Suppose you use data from a random sample to build a 95% CI around the sample’s mean. Next, suppose you put that sample back into the population. Finally, suppose you get ready to extract a 2^{nd} random sample from the same population, with plans to use the new data to compute just the 2^{nd} sample’s mean. How confident can you be that your 2^{nd} sample’s mean will lie somewhere between the end points of the 1^{st} sample’s 95% CI?

Did you say or think: “95% confident”?

If you did, you’re a bit more confident than you actually should be!

If your 1^{st} sample’s mean were to match perfectly the mean of the population, you *could* be 95% confident that the 2^{nd} sample’s mean would turn out to be “inside” the 1^{st} sample’s 95% CI. That’s because the end points of your CI would coincide with the 2 points in a sampling distribution of the mean that serve to bookend the middle 95% of that distribution’s means. Select a 2^{nd} sample, and its mean would have a 95% chance of landing between those bookends.

Your 1^{st} sample, however, is not likely to have a mean that matches up perfectly with *μ*. This will cause the 1^{st} sample’s 95% CI to be “off-center” in the sampling distribution of means. More than half of the CI will be located on the high (or low) side of that distribution’s midpoint, the true population mean. By having the CI’s end points *not* coincide with the points that bookend the middle 95% of sampling distribution of means, the 95% CI captures less than 95% of those means.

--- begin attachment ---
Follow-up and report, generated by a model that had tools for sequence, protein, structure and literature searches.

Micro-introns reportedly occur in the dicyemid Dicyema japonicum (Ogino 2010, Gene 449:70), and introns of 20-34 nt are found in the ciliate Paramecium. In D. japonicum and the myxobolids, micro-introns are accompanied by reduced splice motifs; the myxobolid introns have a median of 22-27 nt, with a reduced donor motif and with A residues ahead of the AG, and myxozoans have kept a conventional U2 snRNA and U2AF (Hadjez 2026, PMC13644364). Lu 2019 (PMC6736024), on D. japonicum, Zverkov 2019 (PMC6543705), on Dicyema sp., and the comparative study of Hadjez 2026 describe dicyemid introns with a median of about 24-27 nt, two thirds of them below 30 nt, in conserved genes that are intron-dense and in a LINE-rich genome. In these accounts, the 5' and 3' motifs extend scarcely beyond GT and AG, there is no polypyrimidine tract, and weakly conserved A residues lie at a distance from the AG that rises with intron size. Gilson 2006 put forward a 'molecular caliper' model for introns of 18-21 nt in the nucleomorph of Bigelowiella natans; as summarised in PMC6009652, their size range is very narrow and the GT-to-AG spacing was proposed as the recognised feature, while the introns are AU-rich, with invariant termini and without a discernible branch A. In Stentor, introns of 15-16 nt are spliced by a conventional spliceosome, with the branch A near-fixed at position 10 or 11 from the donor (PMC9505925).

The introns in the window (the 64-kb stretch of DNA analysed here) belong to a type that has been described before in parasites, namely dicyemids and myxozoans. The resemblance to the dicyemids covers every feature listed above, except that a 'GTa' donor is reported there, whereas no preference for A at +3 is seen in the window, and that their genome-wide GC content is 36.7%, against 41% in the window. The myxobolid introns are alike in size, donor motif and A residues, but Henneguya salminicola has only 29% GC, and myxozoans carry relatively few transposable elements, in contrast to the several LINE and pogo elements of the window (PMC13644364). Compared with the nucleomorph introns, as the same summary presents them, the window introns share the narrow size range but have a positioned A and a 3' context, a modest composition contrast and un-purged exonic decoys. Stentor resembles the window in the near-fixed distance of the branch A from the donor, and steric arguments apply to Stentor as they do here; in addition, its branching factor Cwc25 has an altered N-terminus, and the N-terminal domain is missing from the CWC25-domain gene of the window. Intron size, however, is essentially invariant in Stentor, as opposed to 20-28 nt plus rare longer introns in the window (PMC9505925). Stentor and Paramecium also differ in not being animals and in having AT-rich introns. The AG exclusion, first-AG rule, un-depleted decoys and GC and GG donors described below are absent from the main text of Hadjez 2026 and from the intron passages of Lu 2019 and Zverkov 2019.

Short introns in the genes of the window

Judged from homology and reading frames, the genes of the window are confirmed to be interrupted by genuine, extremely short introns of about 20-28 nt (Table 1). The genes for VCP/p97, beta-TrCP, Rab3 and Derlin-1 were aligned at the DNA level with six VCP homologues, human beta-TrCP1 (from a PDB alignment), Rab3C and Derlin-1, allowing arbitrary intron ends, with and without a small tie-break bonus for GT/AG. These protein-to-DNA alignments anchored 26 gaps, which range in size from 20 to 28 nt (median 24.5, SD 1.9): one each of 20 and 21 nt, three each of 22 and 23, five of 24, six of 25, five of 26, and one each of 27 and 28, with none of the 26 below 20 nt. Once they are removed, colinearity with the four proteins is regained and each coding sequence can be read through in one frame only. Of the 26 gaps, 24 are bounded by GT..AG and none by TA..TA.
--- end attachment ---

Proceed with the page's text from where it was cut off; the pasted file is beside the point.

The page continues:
To prove to yourself that a 95% CI based on one sample’s data does not predict, with 95% accuracy, what a 2^{nd} sample’s mean will be like, answer these 2 little questions: (1) How much of a normal distribution lies between the *z-*score points of +1.96 and –1.96? (2) How much of a normal distribution lies between any other pair of *z*-scores that are that same distance (3.92) apart from each other?